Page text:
findspot

findspot

[′fīnd‚spät]
(archeology)
The place where an archeological object has been found.
References in periodicals archive ?
When it is clear that an antiquity is of Indian origin and even from a particular area such as Mathura region, Amaravati region, Rajasthan, Central India or from a particular school of art such as Pala, Sena, Sunga, Kushan etc., what would change about the antiquity if the exact findspot is known?
About 250 m south of the findspot, the klint bay is bordered by the steep North Estonian Klint.
of 13342 and discovered in an unknown findspot in Anatolia was one of the most outstanding antic catheters (9) (Figure 1).
An initial investigation of the findspot by the National Museum turned into an important research excavation and community archaeology project.
She advocates the full and consistent itemization of both findspot data and ownership history of all works discussed along with the name, date, material, and present whereabouts that are already always itemized; the foregrounding of artworks about which scholars have more contextual data over objects about which they have little or none; and an increased attention to the modern reception history of canonical but archaeologically undocumented objects.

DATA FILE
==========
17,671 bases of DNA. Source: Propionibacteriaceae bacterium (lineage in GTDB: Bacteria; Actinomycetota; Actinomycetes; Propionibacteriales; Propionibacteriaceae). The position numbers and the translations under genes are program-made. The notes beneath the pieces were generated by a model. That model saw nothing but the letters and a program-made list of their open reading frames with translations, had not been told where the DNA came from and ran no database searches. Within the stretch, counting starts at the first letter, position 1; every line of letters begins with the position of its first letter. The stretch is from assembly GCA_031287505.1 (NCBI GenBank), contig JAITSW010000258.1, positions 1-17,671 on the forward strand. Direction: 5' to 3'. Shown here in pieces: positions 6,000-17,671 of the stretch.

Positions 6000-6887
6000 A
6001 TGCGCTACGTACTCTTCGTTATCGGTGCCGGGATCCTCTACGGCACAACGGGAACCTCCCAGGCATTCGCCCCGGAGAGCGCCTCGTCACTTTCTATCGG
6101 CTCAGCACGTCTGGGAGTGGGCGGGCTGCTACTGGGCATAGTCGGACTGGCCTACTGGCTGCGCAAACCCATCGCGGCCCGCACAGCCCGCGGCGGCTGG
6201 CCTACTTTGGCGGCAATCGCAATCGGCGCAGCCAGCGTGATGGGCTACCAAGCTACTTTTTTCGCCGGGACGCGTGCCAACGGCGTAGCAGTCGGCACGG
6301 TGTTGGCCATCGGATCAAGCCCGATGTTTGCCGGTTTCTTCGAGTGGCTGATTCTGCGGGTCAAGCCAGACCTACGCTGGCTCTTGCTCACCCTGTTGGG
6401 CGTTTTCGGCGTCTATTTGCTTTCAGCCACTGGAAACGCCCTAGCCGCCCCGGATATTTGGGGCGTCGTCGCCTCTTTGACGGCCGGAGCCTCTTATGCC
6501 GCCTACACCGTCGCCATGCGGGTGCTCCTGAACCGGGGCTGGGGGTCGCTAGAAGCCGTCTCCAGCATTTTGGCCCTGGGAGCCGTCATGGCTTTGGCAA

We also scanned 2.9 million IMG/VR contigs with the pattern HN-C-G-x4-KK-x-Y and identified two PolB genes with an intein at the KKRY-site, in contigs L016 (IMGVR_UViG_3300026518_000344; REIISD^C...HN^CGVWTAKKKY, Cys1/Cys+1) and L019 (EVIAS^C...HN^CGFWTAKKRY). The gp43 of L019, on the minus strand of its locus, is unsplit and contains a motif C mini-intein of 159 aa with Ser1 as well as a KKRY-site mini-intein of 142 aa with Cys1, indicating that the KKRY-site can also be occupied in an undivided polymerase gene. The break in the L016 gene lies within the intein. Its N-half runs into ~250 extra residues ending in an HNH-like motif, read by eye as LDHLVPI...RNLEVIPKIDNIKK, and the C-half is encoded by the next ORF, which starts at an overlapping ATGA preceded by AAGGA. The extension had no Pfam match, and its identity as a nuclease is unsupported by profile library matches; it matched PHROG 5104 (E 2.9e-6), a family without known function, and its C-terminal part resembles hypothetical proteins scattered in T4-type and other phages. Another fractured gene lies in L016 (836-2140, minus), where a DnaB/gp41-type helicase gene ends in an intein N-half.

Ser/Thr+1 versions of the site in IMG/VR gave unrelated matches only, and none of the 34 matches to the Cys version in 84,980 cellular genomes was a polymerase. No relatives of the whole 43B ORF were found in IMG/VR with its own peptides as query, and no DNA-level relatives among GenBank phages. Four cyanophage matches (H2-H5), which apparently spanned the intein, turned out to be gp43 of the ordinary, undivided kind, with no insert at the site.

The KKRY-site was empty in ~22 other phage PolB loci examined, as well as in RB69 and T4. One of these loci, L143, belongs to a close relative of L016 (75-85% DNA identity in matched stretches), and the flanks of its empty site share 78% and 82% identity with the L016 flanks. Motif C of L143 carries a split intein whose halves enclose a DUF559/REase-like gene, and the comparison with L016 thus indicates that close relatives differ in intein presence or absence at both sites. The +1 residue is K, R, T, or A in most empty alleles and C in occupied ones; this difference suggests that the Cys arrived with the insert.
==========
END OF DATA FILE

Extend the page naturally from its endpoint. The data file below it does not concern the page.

Provenience, today an archaeological term connoting an object's "findspot" and attendant context, and provenance were at one point all but interchangeable in the American academic lexicon.
The excavated material is organized into type of figurine, findspot, and material, with detailed discussion of ceramic production.
Ridley, "The Finding of the Esquiline Silver Treasure: An Unpublished Letter," Antiquaries Journal 76 (1996): 215-22, confirmed Shelton's identification of the treasure's findspot.
(97) The findspot was at the north edge of a dense artifact scatter east of the modern village of Examilia.
Lawrence Island have been an abundant source of old ivory and the main findspot of the rare Okvik figurines now coveted so highly on the art market.
It is named after its findspot, where it was put to use in the binding of a book.(24) Internal evidence makes clear that the text served educational needs, perhaps at Beirut, perhaps elsewhere.
'Grey antiquities' have either been on the market since before there were cultural property laws in place, or for so long that any findspot documentation has long been lost.